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Sloane Museum Highlighted 1800s Material Culture


KENT—The Eric Sloane Museum, located just north of the village center, held a Winter Market last Saturday in conjunction with the CommUNITY Holiday Festival in the town’s center.

The market featured local artisans who sold handcrafted gift items ranging from handmade spoons and bowls to hand-forged kitchen items, herbal remedies, candles, teas and homemade baked goods.

Herbalist Treasa Pattison of Cornwall was at the Eric Sloane Museum last Saturday for its Holiday Market, which shone a spotlight on traditional crafts. Photo by Kathryn Boughton

Living history enactors were on hand to share what life was liked during the first half of the 19th century, the era artist Eric Sloane detailed in his books on Early American life.

Inside the reconstruction of Noah Blake’s 1805 cabin, Tyler Grecco, dressed impeccably in the black garments effected by Victorian gentlemen, displayed his collection of vintage garments and explained to visitors the clothing conventions of the era.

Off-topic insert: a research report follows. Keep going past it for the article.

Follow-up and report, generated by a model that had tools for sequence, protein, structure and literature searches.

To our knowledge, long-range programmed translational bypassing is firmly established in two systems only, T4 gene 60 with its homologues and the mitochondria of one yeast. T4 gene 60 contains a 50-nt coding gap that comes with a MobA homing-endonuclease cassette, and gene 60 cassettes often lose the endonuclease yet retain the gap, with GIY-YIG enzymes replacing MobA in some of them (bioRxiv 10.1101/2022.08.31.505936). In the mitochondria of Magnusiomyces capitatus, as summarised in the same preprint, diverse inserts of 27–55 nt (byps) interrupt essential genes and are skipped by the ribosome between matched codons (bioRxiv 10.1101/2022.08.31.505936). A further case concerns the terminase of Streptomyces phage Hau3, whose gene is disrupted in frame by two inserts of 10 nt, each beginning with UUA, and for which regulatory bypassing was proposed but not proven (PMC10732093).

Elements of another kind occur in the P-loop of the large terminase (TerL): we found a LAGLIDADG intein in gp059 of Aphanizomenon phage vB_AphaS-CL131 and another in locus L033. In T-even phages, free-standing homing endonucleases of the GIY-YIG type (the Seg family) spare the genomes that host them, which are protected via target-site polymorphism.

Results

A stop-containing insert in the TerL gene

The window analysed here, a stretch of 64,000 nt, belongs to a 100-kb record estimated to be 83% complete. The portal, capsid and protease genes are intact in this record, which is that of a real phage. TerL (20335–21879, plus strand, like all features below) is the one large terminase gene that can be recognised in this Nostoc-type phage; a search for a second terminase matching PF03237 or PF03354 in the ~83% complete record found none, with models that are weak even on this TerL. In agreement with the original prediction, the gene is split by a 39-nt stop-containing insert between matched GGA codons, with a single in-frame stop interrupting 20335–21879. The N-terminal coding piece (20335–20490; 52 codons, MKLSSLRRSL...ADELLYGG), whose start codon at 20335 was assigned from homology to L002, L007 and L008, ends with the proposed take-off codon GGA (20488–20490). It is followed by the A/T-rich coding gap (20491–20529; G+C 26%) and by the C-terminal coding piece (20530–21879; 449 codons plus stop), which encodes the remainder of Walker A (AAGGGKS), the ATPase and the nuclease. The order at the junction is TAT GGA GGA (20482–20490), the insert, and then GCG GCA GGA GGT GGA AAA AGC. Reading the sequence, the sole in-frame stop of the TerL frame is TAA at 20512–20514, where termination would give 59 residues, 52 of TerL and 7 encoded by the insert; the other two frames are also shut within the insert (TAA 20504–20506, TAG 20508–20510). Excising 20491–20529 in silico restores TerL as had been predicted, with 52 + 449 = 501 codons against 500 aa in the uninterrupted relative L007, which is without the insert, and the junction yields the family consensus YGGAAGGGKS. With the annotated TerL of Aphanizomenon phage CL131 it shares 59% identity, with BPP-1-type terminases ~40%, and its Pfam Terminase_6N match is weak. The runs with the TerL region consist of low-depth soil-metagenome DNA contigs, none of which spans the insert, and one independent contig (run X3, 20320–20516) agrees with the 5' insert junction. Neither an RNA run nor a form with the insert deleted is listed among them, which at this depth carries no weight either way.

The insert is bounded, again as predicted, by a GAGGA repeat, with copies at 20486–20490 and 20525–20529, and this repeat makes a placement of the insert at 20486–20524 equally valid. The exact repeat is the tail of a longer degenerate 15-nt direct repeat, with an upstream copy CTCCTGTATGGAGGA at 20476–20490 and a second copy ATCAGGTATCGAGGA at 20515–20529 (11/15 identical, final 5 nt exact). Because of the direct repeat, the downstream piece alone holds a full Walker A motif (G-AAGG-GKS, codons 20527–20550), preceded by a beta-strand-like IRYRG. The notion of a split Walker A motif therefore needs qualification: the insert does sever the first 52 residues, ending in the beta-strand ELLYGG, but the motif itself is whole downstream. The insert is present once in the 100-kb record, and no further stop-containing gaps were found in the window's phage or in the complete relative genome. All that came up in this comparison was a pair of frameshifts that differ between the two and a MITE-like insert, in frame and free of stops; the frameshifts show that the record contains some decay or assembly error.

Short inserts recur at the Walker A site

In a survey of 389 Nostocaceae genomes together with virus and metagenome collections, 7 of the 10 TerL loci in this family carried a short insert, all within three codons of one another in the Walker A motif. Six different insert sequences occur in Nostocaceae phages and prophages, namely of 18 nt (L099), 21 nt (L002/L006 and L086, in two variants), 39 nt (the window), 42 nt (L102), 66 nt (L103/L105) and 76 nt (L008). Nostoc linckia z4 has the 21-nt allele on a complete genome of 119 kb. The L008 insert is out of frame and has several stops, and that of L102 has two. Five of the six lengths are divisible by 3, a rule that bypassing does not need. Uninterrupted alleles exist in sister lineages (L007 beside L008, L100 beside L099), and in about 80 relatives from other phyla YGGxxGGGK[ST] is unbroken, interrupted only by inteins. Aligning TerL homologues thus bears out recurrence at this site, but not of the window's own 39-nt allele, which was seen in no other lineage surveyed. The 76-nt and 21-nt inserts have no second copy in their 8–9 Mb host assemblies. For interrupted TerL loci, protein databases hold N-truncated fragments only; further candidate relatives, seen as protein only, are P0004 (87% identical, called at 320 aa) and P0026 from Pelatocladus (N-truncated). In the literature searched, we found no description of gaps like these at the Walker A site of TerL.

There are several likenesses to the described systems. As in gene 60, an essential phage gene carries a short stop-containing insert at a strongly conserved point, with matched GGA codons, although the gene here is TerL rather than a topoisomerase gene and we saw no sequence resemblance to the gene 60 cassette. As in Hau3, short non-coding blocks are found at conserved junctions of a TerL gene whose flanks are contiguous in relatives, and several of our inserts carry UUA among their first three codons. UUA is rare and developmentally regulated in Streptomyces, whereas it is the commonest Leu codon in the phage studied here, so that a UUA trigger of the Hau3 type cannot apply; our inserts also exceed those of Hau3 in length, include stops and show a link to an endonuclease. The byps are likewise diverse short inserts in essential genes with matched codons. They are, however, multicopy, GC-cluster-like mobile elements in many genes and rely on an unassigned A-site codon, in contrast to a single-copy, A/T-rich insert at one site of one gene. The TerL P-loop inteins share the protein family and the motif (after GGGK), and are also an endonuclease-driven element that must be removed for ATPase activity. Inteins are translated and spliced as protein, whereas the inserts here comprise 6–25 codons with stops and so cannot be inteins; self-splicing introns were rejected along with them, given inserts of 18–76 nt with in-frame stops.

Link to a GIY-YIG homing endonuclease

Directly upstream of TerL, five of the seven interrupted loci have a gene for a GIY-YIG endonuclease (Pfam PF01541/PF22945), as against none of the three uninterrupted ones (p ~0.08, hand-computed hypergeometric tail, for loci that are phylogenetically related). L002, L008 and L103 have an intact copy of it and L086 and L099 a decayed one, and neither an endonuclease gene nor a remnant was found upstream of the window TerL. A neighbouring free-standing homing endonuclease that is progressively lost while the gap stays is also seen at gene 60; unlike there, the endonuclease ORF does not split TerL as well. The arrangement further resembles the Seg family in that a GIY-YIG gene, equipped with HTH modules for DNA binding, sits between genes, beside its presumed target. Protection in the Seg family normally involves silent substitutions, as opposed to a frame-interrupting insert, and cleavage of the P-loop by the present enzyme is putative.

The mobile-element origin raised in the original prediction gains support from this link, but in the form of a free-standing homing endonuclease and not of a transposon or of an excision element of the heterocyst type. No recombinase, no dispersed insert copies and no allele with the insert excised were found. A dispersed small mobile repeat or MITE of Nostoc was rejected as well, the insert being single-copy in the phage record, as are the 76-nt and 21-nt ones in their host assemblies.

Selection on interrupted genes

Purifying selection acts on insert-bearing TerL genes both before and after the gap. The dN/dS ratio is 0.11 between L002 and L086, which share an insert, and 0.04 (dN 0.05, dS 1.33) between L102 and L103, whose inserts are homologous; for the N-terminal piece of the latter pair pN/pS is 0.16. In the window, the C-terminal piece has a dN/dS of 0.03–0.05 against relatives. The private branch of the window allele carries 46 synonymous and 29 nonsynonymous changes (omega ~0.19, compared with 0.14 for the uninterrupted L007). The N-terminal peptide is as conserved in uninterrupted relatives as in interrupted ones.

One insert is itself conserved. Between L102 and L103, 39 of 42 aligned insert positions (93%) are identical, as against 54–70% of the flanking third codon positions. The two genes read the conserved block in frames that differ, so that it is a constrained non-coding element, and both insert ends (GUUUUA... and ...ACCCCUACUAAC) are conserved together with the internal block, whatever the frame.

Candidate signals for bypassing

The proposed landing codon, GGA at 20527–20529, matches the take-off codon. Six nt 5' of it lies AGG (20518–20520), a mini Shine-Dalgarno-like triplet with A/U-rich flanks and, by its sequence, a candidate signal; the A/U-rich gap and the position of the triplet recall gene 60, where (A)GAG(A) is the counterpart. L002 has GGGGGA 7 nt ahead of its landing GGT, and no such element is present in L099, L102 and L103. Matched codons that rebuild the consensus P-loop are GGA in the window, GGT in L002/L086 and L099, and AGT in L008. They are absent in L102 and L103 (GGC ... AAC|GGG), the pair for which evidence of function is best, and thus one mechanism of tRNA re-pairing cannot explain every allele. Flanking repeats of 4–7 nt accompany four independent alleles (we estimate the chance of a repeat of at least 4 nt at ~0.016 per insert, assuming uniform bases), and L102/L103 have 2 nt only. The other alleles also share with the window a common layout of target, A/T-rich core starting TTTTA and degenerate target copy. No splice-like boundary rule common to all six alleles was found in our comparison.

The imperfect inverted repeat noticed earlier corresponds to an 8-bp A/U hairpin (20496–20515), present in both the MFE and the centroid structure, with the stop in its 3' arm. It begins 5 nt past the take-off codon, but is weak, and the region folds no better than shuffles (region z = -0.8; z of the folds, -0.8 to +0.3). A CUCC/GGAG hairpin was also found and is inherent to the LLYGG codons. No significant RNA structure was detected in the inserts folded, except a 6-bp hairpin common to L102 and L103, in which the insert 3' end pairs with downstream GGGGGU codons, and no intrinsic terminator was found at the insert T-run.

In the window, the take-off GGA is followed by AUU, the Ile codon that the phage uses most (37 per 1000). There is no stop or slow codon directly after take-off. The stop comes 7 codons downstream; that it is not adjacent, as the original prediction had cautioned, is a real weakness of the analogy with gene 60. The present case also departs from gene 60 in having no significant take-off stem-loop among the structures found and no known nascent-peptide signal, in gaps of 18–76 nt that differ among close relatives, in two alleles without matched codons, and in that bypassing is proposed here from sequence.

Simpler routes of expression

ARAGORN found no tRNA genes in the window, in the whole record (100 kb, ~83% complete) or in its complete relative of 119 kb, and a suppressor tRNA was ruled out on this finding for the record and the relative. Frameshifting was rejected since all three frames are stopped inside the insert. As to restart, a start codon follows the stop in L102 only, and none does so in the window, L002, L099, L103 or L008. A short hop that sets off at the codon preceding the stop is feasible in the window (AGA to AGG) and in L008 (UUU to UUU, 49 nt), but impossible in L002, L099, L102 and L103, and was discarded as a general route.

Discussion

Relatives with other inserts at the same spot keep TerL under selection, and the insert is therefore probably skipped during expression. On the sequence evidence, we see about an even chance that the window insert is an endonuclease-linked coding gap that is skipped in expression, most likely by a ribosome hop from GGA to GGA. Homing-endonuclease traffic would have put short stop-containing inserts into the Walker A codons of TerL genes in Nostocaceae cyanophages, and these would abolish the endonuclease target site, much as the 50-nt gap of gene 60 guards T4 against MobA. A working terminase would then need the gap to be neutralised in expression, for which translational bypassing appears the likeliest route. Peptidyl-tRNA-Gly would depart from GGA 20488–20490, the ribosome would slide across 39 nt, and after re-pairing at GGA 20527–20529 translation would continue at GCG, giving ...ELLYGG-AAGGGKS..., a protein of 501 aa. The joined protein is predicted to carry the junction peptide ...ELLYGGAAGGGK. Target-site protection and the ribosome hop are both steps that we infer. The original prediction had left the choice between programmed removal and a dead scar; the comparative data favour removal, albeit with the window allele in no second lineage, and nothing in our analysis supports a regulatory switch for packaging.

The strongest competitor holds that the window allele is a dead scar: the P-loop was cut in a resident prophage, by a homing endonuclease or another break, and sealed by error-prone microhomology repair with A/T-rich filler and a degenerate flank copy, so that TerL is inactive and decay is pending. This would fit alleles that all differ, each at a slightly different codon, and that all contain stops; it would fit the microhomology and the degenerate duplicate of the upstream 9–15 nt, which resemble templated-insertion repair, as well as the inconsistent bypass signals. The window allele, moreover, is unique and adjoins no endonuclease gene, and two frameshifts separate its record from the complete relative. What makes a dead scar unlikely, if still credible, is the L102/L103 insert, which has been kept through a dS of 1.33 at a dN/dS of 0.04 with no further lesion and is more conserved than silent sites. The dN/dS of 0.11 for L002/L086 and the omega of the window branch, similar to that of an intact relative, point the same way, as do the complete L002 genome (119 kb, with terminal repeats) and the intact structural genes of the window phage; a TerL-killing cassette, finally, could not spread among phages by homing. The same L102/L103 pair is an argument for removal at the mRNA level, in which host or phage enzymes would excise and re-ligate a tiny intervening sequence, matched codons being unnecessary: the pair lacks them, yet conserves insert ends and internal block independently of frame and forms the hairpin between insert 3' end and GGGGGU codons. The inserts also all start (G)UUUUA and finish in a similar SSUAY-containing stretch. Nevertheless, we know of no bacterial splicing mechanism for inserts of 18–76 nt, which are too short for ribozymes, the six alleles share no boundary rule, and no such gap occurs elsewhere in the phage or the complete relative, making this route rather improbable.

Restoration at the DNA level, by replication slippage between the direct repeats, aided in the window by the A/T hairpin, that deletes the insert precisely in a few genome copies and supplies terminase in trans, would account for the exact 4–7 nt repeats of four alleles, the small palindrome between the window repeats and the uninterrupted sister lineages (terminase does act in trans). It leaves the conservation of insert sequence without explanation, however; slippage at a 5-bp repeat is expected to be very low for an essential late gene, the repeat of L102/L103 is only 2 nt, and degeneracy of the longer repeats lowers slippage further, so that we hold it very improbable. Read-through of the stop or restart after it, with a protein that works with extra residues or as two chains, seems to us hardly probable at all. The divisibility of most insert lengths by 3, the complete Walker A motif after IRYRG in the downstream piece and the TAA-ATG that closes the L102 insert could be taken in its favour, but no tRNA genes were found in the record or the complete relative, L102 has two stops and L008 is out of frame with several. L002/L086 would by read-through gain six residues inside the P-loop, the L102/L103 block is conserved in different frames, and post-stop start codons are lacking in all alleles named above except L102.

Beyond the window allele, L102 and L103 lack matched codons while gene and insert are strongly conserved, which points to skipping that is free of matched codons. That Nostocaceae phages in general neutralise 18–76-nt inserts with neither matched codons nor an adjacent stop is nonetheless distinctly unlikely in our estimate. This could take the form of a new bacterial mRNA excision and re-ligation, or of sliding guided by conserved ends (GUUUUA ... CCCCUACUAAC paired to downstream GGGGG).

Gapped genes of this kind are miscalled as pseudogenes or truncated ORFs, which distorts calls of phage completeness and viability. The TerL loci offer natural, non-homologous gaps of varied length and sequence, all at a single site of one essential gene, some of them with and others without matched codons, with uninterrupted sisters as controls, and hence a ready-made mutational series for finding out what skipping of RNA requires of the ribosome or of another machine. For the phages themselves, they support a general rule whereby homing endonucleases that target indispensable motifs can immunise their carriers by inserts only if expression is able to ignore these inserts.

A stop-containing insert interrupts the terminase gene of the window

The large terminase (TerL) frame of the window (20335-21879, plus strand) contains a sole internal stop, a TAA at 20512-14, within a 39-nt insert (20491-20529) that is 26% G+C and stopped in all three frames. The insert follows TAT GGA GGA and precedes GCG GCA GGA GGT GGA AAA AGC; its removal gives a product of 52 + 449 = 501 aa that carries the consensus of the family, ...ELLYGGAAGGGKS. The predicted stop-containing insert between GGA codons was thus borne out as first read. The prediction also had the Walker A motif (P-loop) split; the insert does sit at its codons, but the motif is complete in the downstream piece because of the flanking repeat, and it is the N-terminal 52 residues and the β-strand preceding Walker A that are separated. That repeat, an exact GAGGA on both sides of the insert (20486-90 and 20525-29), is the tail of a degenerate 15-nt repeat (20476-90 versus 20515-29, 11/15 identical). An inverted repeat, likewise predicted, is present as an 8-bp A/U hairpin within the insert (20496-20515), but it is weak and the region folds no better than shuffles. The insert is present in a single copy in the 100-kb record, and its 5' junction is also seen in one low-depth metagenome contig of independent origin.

He said, for instance, that by the mid-1800s, men would have dressed entirely in black, with only the exception being their white shirts and a touch of flamboyance in their vests.

Andrew Rowand, curator and site administrator for the museum, said it was the first year an artisans’ market had been held there. “We wanted to highlight the clothing and material culture of winter in the 1800s,” he said. “It has gone very well—we’ve had more than 100 people come through today—and we hope to expand on it in future years.”

It was the end of the season for the museum, which features many of the agricultural tools that Sloane portrayed in his illustrations, a collection of his art, and his studio. The site will reopen in April.

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